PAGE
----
We've seen a LOT of talk about gun violence, gun control, gun owners rights, and frankly, I find it all a little overwhelming as a parent, because my son loves guns.
That's right, he loves guns. Lego guns, laser-sighted Nerf guns, old-timey toy cowboy pistols. Every holiday at my home is an exercise in my son making a case to get the newest toy gun he's heard of. He's not just a toy gun enthusiast, he's a toy gun connoisseur.
That's why every time I hear about something else involving guns I go into dissection mode. The latest incident to parse through the Mom-glasses, right on the heels of Seattle and King County's first gun buyback in 20 years, is a news item out of Cape Cod, in which a 5-year-old faces suspension after building a gun out of Legos. The title of this piece is pulled from a comment posted on that article.
It wasn't long ago that the dangers of carrying anything that looks like a gun--even if it's made of Legos--was highlighted here in Washington when a resident of a developmentally disabled adult group home who pointed a Lego gun was shot at by a King County Sheriff's deputy in Woodinville.
The reaction of threatening suspension for building a Lego gun is on the face of it frustrating, because I can see my son doing the same thing at the age of 5. Now, as a second-grader, he's already had to become well-versed in school policy about weapons. No weapons with your Halloween costume, etc., etc.
Does it stop him from choosing each year's Halloween costume strictly based on how big of a toy weapon it requires? No. Does it stop him from wanting to buy custom-made Lego weapons for his minifigures (seriously, there are websites for that)? No.
Do I let him do those things? Yes.
Following the Woodinville incident, I expressed to a KCSO spokesperson that I worry about my son pointing a Nerf gun at the wrong person--conversations about not playing with toy guns in cars are frequent and common at our house--and she told me that sometimes criminals have been known to paint bright orange or green on actual guns to make them appear to be toys. This may confirm my need to talk to my son about this, but it doesn't make me feel better.
Many parents take the approach of banning toy gunplay altogether, and I admit I would have said I was in that camp before my son was born. We instead addressed it by teaching him that it wasn't appropriate to point them at people, and his Grandpa, who likes guns, donated a real paper target for him to point his gun at. His aunt works for KCSO, and has explained to my son that she's had to use her gun exactly zero times since she's been on the force.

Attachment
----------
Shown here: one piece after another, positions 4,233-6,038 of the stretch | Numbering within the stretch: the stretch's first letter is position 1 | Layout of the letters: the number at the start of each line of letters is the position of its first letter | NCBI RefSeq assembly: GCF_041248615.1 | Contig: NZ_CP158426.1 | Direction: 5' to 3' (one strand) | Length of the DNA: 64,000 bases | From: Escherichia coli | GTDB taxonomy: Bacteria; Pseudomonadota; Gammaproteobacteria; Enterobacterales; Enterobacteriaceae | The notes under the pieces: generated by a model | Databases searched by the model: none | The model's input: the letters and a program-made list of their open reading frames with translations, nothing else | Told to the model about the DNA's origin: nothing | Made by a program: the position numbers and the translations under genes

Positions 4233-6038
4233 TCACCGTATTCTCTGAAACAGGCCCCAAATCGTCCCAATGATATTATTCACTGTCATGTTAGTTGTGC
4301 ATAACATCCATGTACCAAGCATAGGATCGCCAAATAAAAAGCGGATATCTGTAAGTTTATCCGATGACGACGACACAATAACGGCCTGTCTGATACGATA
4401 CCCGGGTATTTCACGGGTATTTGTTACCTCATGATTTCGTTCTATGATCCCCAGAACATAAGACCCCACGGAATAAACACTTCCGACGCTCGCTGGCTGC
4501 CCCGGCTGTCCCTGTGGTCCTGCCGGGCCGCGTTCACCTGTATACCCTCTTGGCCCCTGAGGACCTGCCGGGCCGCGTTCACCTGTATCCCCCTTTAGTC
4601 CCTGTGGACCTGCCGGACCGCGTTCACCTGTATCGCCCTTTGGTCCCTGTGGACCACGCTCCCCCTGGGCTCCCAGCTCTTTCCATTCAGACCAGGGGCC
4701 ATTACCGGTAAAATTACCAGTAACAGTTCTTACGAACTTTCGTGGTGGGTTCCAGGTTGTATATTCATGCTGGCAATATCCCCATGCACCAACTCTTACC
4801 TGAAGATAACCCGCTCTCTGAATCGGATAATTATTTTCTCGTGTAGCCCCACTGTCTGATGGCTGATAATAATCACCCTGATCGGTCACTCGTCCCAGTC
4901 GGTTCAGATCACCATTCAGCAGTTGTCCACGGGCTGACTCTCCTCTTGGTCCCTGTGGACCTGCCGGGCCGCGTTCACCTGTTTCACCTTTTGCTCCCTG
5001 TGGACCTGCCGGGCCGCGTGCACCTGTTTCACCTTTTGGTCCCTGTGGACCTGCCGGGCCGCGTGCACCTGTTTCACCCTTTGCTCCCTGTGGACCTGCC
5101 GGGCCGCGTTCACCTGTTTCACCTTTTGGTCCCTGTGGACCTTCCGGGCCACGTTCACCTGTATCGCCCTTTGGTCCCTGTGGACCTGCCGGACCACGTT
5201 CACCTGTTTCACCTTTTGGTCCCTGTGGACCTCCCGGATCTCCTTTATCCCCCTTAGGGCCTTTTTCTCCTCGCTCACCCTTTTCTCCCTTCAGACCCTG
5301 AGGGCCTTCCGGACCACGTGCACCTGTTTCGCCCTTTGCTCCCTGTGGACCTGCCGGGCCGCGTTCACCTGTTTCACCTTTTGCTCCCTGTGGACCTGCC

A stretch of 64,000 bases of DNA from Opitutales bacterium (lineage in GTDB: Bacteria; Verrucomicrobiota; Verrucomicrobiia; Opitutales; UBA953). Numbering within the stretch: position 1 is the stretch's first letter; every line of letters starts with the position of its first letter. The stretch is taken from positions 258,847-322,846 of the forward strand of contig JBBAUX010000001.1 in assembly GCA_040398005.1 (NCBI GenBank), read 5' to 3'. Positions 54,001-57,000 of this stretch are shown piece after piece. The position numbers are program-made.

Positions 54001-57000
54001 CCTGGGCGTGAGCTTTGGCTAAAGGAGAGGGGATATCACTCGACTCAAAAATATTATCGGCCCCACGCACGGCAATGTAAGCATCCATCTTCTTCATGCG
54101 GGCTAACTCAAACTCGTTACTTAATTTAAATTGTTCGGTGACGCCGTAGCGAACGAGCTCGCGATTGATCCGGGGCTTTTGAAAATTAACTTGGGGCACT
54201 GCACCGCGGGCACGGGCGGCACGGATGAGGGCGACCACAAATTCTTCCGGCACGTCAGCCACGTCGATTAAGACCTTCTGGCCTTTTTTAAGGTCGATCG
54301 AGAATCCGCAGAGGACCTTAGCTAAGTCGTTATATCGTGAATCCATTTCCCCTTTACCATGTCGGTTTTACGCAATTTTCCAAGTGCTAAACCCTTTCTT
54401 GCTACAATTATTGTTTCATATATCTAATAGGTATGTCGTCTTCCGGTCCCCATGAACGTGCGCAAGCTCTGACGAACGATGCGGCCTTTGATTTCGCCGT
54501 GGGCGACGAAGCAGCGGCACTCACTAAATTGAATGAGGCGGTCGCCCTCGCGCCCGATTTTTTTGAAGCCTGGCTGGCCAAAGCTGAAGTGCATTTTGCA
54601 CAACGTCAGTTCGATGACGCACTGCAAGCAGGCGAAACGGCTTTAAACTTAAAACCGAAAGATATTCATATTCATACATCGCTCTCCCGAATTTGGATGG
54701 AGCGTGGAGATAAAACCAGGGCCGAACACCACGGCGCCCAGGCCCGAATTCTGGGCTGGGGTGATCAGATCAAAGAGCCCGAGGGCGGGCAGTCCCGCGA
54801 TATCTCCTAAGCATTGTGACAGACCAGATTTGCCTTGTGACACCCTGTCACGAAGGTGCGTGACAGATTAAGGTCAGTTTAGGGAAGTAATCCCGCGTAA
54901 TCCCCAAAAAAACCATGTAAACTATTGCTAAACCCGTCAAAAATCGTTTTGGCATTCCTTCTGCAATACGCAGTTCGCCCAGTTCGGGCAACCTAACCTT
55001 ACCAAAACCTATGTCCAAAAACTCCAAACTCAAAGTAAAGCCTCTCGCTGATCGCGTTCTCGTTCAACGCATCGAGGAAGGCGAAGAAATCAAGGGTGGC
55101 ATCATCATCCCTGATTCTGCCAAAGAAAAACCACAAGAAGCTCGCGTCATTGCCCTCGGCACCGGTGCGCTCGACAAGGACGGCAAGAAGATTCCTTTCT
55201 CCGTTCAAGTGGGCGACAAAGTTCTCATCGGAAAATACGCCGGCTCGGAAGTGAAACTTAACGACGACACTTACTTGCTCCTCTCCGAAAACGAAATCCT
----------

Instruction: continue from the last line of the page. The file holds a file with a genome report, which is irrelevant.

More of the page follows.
Why did I decide to allow toy guns in the first place? Simply put, he was born into the most military culture the US has seen in years. His heroes aren't bad guys with guns, they are soldiers and police officers, and how can I discourage my son from emulating the good guys? Like it or lump it, guns are a part of both occupations. You should see his eyes light up when we visit the Air Force Base and he sees a soldier coming in from exercises, dressed in camouflage and packing serious heat.
It's also hard for me to reconcile the 700-plus guns turned in at the Seattle event when we have heard from local gun dealers that following recent tragedies around the country and talk of stricter controls that they've had a run on guns. Would getting those guns, destined to be melted down and into rebar, into the hands of responsible gun owners who want them be so bad?
Michael Marinos, the owner of Bigg Dogg Firearms in Issaquah, told Patch recently that if his business was selling guns right now (he's currently searching for a storefront), guns would be flying off the shelves.
"The major manufacturers; Winchester, Remington, Glock, Springfield, etc. cannot keep up with demand," Marinos said in an email to Patch. Marinos said that some of the manufacturers he spoke to at a recent gun expo, the SHOT show in Las Vegas, say they are backlogged 6-8 months with orders.
Obviously, the folks going to gun shops to buy guns can purchase them legally, and most people I've seen commenting on Patch support their right to do so even while expressing concern over how to deal with the issues we face as a country.
It would be nice if there was one simple answer, like forbidding children from playing cops and robbers on school grounds, but there isn't.
What really makes me shake my own head is that so many people do seem to see it as black and white, so much so that a 5-year-old building a Lego gun is apparently seen as an offense rather than as a teachable moment. How can we educate kids if we cut off the conversation by saying no guns, no gun talk, ever?
There are lots of statistics on both sides that do little more than point out that the number of guns in a country is not necessarily the issue, at least not as much as our attitudes toward them.
I'd love to see a real conversation about how we can change the dialogue so we can address the very real issue of gun violence, especially senseless and seemingly inexplicable shootings like some of the recent mass shootings, without resorting to sound bites by not only media, but also by various groups with different ideas about how to address the problem.
Tell us: Is there any way to address this without going to extremes?